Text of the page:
Sean “Imstilldadaddy” Dench of Team Invictus has seen his stock rise lately. Having become a staple of the UK’s Gfinity series, he has seen himself traveling more and making waves within the FGC. After his top 8 finish at Canada’s Northern Arena Knockout event, he has shown he has a bright future on the circuit.
While he was in Toronto for Northern Arena, I sat down with Dench to talk about his play as well as his goals within the scene.
Corey “Missing Person” Lanier: It was great seeing you here. How did you enjoy your time in Toronto?
Sean “Imstilldadaddy” Dench: It was wonderful. Toronto is a lovely city. It’s one of the best cities I’ve been to.
Missing Person: You had an amazing run to the Winners side of top 8 at Northern Arena, but it was cut short by Momochi. What are your thoughts on the match?
Imstilldadaddy: At first, I wasn’t playing too well against him. After the first game, I sort of realized what I was doing wrong. The key was that I was using Guile’s back knuckle — forward fierce punch — as an anti-air. I use it a lot against people who empty jump. He saw that and got me with that knowledge early on in the game. When I recognized it, I started to get the upper hand.
I feel like that match-up’s in Guile’s favor. I could see that he was struggling against the Sonic Booms, and I noticed a pattern with him. I started to feel really comfortable in the match, but at the end of the set, I made a crucial mistake. I feel like I could have held back, but I did the wrong anti-air. But I feel like I played well outside of that.
Missing Person: Following that up, you were eliminated by Smug. How about that match for you?
Imstilldadaddy: Despite losing to him, I was very fortunate. I could’ve had to play him in the second round, to get into top 8. But because Orangeman — the good Canadian Rashid player — beat him, the bracket shifted in my favor.
At the start, I was weighing whether to go Guile or Laura, because that’s a better match-up. I also used to use her a lot, but I was a little rusty. When I switched to Guile, I was able to get a game off of him, but it’s an uphill battle the entire time. If I could go back to it now, I would have ran Guile the whole way through. But he played very well, so I have to give it up to him.
Missing Person: You got to play a lot of the Toronto players, not only at Northern Arena but at Raiders Esports Centre the night before. Who impressed you the most?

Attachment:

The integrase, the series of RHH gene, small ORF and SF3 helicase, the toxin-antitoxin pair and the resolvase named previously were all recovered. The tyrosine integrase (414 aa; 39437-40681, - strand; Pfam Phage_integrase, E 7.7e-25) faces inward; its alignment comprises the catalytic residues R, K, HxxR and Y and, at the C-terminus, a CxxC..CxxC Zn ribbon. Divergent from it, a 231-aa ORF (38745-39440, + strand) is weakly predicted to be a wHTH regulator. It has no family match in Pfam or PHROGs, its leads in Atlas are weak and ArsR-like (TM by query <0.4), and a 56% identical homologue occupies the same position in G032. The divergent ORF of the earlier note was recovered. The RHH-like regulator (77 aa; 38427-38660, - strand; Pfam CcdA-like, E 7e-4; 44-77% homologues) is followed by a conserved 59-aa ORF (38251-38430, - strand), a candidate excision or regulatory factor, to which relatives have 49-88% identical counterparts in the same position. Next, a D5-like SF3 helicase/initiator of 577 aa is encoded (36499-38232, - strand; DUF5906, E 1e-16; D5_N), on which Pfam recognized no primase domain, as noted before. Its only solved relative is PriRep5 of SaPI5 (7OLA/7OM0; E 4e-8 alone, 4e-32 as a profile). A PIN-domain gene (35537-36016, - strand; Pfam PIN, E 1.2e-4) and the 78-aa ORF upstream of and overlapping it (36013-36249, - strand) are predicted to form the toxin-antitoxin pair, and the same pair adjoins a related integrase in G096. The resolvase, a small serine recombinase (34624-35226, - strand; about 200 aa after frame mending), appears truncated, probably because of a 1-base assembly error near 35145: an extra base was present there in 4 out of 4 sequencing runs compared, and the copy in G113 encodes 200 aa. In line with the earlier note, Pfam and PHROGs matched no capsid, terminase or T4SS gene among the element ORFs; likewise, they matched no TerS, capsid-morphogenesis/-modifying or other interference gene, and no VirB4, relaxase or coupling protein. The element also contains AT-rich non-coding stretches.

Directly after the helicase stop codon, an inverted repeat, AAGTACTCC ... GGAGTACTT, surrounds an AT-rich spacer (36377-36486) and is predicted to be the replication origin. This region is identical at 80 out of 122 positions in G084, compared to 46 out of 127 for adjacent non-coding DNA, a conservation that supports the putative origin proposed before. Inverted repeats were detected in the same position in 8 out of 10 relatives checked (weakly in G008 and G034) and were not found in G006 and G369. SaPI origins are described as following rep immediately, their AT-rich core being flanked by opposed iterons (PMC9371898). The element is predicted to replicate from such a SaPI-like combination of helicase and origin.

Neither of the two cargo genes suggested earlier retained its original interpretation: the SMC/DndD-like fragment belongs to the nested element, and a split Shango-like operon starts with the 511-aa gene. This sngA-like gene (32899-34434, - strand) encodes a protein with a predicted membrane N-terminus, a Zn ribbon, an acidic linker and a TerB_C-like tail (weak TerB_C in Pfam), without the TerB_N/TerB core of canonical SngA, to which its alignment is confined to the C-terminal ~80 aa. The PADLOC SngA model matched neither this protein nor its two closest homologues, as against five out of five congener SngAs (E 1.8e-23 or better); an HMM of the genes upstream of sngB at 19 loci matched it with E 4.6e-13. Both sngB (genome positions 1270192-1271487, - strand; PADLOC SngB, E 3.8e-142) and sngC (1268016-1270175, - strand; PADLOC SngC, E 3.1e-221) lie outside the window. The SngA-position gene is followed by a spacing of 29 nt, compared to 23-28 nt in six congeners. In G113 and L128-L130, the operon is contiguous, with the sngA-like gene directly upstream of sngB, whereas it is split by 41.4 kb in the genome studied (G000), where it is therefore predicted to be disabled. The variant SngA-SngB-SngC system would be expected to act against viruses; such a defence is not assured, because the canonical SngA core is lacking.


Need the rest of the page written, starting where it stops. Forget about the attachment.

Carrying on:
Imstilldadaddy: First of all, Toronto is really good at this game. But I would have to say that L.E.S — the M. Bison player — is one of the best in the city. Drae “Yomi” Games and Orangeman were both in my hotel room the night before the event, and they are really solid. Drae was able to beat NuckleDu today, and he also gave me trouble as well in casuals. I feel like Laura is one of my easiest match-ups, but he plays a different style of Laura that was giving me trouble.
Missing Person: What was Drae doing that was giving you trouble?
Imstilldadaddy: He was doing a lot of light command grabs from a distance, and he was closing space very aggressively. I had to adapt and use more normals against him. I don’t really like to use them against Laura.
Missing Person: You have a lot of things happening lately. You recently joined Invictus. What’s next for you?
Imstilldadaddy: Well, we have the Gfinity series returning at the beginning of October. We placed third last year, we got pretty unlucky with that. But it should be fun. A lot of teams got new players this season, so it’ll be interesting.
Missing Person: With the Gfinity series, how do you feel it’s shaping the way the public in the United Kingdom thinks about esports?
Imstilldadaddy: I think it’s incredible. We’ve never had anything like this before. It’s sort of how Northern Arena was set up here. It’s been good in getting a lot of other players to shine through. There are more people picking up the games now. They’re signing more players to this. The players are getting stronger.
Missing Person: I also noticed that they host online qualifiers for players to get scouted through. Do you feel like this helps build up the scene within Europe?
Imstilldadaddy: Absolutely. I see more players coming up already because of this. It’s definitely a good thing.
Missing Person: We’re definitely seeing more corporate entities entering the FGC. It’s starting to happen in England as well as Canada. Do you feel like this is the way we should be heading?
Imstilldadaddy: I 100% believe we’re heading in the right direction.
Missing Person: Do you feel like there’s any shift between playing in grassroots events versus playing in these larger production events?
Imstilldadaddy: Things like Northern Arena are definitely more professional. There’s definitely a change, but it’s more well-organized with things like this. I actually prefer it this way, where it’s more professional.